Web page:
Consider the dodo. When I asked a bunch of my friends on social media to contemplate it, the conversation ranged from ‘we can extract DNA from museum specimens? Cool! Bring back the dodo!” to “I hear dodos didn’t actually taste that good. Anyone have a recipe?” Which is a testament to human nature and the level of snark I enjoy around me, really. People eating tasty animals gets blamed for extinctions fairly often, and it’s a theme in most elementary school science texts. But what can we learn from the new techniques for looking at the genomes of extinct animals? Besides the ability to ‘Jurassic Park’ them, that is, which I’ll get back to.
My interest in the dodo was sparked by an article on the genome of the passenger pigeon. Recent studies done using DNA extracted from museum specimens have revealed that despite huge populations of the pigeons, their genetic diversity was very low. Theories about their extinction have revolved around this lack of diversity, because, after all, no matter how many birds the human harvesters took, there should have been small surviving populations that could have lingered and possibly rebuilt in population (although there are other variables, but that’s another post). This didn’t happen, and scientists wanted to know why. With small populations of rare animals – for instance, the Tasmanian Wolf, or the dodo – it seems clear that you could kill enough of them to leave insufficient breeding population. But not the pigeons. However, the science points to a lack of ability to be resilient that doomed the passenger pigeon when the population was sharply reduced in a very short time.
The genetic resilience of a population is what can keep it going even when the numbers dip low. Consider the polar bear (and don’t consider recipes – the bear’s liver is toxic!) which was recently considered on the brink of extinction. Recent genomic analysis indicates that the bears endearingly adopt cubs that are not their own, but more importantly to population endurance, do not inbreed often. Populations of bears have, in some places, doubled. “Terry Audla, the president of Inuit Tapiriit Kanatami, Canada’s national Inuit organization, says that when it comes to really understanding how healthy the polar bear population is, it makes no sense to pit the feelings and hunches of far-flung conservationists against the direct observations of local people who deal with the bears all the time. As far as overhunting goes, says Audla, “if you’re reliant on something as a source of food, you’re going to make darn sure that you’re keeping that source healthy.”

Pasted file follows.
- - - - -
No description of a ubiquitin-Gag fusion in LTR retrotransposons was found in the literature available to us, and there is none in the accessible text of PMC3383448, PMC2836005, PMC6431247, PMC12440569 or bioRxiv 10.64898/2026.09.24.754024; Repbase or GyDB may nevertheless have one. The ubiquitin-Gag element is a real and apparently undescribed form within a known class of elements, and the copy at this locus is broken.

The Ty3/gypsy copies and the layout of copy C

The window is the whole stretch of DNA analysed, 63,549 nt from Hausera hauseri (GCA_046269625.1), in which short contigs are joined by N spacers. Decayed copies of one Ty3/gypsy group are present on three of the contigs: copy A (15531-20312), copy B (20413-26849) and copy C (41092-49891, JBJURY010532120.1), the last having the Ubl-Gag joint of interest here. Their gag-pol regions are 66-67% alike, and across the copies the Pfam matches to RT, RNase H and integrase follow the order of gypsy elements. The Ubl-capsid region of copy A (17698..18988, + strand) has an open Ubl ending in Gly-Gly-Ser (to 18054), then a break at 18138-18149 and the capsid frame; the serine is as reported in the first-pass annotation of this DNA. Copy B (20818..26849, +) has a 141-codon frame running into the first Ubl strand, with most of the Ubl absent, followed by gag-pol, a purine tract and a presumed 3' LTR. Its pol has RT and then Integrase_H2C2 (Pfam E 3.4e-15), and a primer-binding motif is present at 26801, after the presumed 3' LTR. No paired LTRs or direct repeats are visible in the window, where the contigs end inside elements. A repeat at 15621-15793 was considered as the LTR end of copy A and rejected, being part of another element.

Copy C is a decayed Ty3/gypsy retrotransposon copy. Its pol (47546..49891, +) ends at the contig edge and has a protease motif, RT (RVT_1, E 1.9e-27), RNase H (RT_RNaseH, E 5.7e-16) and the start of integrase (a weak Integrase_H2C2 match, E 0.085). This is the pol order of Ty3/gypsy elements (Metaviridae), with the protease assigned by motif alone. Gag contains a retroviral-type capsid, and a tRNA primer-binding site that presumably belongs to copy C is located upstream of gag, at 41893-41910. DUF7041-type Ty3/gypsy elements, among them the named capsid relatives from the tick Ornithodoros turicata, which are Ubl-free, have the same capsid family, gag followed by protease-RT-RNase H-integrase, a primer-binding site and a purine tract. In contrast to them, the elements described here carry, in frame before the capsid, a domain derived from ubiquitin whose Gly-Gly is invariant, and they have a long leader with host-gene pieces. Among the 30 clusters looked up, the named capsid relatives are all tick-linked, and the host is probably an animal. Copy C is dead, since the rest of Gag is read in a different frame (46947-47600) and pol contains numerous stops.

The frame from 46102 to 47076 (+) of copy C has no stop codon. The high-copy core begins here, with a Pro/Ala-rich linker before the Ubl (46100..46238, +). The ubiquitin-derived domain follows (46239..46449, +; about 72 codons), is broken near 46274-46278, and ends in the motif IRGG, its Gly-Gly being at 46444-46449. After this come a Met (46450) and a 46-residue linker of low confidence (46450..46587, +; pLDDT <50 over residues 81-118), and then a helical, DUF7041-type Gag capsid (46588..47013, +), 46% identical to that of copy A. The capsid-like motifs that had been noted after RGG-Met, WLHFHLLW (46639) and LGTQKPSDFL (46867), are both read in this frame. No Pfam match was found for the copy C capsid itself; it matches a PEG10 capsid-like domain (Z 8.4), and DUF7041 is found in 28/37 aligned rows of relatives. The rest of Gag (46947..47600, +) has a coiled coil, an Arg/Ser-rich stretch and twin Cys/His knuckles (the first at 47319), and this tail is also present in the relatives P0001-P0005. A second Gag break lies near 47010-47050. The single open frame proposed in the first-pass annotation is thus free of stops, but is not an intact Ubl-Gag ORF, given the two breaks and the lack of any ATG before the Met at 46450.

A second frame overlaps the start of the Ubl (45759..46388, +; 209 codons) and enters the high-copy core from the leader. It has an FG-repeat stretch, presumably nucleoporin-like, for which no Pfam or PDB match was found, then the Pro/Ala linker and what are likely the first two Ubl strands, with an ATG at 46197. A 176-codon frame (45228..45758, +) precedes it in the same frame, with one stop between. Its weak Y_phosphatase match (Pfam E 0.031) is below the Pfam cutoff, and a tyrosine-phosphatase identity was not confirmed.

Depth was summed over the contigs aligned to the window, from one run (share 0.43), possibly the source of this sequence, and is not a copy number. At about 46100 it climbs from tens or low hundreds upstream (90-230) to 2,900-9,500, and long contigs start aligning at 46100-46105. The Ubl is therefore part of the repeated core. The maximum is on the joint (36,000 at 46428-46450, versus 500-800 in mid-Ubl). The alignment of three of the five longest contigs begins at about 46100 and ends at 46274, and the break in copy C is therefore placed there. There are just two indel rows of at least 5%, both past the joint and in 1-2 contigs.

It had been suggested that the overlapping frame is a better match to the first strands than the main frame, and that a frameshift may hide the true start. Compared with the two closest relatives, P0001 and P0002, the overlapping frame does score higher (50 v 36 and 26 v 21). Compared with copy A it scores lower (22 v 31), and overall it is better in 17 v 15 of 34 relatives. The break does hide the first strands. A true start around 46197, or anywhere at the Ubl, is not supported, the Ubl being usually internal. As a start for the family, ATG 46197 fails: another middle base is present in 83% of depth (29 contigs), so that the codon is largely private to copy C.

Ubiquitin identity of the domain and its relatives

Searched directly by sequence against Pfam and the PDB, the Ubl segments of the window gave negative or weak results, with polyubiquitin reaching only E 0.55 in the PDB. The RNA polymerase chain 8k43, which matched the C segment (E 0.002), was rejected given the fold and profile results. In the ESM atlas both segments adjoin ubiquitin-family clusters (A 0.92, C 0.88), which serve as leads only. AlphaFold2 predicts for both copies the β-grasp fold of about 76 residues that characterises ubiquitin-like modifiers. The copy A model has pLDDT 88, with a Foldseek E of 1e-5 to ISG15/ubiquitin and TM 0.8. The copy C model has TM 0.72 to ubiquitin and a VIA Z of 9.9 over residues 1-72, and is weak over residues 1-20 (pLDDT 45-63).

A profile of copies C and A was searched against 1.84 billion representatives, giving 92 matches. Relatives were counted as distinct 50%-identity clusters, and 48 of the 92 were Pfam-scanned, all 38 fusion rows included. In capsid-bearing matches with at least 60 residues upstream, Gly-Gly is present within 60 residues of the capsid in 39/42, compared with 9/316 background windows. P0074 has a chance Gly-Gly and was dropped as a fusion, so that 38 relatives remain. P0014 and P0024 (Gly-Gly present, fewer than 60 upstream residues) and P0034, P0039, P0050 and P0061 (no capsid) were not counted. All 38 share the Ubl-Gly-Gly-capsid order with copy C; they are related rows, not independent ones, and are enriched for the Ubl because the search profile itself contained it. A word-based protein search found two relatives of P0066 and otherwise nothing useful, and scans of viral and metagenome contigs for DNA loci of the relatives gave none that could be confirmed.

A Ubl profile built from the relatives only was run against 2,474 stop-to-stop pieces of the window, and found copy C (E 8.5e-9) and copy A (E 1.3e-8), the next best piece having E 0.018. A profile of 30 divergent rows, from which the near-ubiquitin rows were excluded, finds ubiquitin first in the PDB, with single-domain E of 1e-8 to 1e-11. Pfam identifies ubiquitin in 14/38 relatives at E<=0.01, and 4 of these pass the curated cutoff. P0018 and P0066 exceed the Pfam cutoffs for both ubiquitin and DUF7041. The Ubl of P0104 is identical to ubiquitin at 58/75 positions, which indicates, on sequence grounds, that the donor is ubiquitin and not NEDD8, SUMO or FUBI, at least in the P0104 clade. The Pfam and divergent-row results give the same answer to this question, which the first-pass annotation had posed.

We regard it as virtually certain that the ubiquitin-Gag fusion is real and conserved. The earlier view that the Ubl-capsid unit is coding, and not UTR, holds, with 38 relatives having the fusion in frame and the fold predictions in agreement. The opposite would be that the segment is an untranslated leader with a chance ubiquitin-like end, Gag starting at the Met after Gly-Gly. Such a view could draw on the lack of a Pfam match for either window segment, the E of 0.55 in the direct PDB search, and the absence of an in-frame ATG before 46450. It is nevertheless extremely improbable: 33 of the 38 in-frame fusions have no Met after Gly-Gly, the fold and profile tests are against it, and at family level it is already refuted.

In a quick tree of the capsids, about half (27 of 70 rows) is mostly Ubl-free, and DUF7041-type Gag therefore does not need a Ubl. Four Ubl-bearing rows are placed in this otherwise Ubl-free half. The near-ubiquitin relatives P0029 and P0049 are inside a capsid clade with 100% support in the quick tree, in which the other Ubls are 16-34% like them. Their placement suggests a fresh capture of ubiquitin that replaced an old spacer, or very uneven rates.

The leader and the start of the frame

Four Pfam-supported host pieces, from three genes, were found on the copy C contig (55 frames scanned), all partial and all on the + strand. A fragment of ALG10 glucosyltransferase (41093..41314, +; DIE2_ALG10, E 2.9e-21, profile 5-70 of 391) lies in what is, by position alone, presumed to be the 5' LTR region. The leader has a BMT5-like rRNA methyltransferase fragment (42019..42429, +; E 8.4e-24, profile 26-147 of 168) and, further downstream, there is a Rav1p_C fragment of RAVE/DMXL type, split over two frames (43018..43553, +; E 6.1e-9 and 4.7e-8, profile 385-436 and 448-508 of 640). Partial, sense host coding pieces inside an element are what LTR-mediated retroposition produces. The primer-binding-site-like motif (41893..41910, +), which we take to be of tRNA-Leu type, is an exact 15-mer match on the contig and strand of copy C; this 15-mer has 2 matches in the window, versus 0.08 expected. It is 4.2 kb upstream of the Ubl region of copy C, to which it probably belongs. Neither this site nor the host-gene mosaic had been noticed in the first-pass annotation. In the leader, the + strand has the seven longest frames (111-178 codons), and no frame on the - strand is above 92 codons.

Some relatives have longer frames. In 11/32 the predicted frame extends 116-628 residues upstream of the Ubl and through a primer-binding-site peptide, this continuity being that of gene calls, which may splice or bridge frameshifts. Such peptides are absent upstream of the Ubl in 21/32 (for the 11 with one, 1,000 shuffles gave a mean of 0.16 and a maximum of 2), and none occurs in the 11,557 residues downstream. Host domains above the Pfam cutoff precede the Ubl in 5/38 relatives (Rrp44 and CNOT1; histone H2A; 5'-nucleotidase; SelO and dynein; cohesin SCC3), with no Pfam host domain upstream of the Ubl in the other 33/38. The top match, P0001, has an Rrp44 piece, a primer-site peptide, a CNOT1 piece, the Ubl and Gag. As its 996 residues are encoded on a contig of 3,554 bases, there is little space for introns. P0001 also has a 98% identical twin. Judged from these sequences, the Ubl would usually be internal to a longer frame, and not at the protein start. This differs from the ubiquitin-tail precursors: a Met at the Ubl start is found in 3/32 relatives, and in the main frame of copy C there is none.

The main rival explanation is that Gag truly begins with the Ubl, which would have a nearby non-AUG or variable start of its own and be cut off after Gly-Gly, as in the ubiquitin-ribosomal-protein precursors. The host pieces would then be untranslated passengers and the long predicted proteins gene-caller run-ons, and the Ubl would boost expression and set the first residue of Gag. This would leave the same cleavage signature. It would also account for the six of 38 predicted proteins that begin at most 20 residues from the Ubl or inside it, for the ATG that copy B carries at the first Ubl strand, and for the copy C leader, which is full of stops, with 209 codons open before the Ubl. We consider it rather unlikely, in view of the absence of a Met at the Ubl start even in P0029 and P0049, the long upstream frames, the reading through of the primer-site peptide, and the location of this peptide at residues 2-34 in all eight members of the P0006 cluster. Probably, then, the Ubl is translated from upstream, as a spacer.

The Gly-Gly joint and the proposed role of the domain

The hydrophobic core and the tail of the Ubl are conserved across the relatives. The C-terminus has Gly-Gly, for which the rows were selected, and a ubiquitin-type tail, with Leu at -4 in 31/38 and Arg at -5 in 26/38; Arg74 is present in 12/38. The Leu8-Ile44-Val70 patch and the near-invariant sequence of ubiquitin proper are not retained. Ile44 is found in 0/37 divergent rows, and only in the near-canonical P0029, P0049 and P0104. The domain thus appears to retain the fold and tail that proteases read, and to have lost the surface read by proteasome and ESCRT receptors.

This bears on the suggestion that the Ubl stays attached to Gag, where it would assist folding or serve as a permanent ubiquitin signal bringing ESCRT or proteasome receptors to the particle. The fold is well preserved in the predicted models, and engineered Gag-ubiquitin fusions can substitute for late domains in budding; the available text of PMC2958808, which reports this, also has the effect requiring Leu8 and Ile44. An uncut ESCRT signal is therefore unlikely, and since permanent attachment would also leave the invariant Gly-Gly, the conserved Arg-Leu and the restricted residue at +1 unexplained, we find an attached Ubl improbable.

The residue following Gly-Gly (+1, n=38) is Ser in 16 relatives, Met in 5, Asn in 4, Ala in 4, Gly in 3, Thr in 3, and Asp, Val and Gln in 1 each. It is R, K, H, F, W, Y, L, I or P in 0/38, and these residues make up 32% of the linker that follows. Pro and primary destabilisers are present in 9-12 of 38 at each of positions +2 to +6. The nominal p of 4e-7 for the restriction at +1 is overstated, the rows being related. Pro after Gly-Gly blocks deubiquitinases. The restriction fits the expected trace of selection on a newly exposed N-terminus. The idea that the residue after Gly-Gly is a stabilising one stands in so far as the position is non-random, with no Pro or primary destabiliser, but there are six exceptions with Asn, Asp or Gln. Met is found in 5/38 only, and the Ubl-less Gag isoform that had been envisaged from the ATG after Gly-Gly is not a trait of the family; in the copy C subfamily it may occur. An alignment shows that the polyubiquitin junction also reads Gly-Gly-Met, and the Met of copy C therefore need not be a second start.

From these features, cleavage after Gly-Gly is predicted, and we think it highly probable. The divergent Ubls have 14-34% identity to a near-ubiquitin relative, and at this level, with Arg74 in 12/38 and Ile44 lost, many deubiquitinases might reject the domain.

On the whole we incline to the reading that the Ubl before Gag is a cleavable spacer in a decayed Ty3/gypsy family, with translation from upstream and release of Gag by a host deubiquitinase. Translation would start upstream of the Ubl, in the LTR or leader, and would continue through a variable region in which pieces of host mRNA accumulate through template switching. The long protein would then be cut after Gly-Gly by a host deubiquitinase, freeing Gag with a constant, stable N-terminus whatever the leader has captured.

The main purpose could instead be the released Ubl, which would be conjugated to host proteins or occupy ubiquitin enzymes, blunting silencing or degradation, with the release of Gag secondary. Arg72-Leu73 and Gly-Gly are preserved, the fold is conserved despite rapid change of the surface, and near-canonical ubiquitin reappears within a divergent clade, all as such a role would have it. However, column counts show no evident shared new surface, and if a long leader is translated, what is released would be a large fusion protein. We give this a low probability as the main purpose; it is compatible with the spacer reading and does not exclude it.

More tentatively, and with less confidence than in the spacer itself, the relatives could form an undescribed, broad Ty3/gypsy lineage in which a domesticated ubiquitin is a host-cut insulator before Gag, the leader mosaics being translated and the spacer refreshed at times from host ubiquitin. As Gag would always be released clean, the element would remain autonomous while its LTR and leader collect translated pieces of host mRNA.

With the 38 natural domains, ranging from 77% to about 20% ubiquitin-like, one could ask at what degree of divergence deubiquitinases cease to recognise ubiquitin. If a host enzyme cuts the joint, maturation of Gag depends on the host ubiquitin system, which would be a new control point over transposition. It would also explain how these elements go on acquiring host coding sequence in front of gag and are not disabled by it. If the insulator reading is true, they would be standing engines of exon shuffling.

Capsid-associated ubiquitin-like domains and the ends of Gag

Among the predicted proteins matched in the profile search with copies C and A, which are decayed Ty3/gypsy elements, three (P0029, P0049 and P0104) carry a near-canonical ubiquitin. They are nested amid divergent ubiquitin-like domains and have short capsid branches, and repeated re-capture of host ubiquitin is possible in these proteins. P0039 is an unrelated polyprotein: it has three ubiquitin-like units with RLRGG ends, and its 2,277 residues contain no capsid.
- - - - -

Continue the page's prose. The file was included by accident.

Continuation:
Humans who hunt have been blamed for extinctions since awareness over wildlife populations became a fad. Clearly, there are links. However, as Terry Audla points out above, hunters who relied on a foodsource are unlikely to deliberately kill all the things. Care is taken to harvest animals who won’t impact the population as a whole – hence traditions over taking the males, the infirm, and thinning herds when they got too large. Hunters understood disease and epidemics before germ theory was fully solidified, because they could see the cycles in the wild things. I’ve seen it in Alaskan snowshoe hares – one year, you see them everywhere. The next, they are sick, the next, they are very few, and then more, and the cycle builds again. Infectious disease has a huge impact on any animal population, particularly one that is crowded which allows for easy transmission of germs. When a population is stricken, and gets small enough to lose their genetic resilience, extinction is a looming problem for the species.
But what about the dodo? Populations of animals threatened with extinction clearly show a loss of genetic diversity. Even if we could revive the dodo, could we do so with enough variation in genes to support a population? Probably not, because part of the reason the bird were driven to extinction in the first place was a lack of diversity and ability to adapt quickly to changes. Nature is cold and cruel and if you don’t adapt, you die. Jurassic Park is an interesting premise, but highly unlikely to succeed. Attempts to conserve and spread species now are already stymied by genomes… if you raise animals in captivity, you change their genes. Then when you release them, they hit the reality of the wild, and die. If you try to raise them in ‘wild’ conditions, it might work, but it’s expensive and difficult.
Will we ever revive an extinct creature? Probably. Will we be able to revive a viable breeding population? Well, not with the technology and understanding we have now. We just don’t know enough about genes yet to deliberately introduce adaptations and diversity into an existing genome that would then survive the wild. Can we get there? I’m not sure we’d bother. Most of the extinct critters we worry over – or the nearly extinct – are in some way endearing to the human population. The wooly mammoth is cute, the dodo is beloved because of Lewis Carroll, the Tasmanian Wolf just looks cool… but few humans care about fairy shrimp or freshwater mussels. That, and despite what most gradeschoolers are taught, extinction is a natural process. Genetic paucity leads to dead ends for species, but there are other species who are cruising along the genetic interstate with their fur/feathers/scales whipping in the wind and the sun on their faces.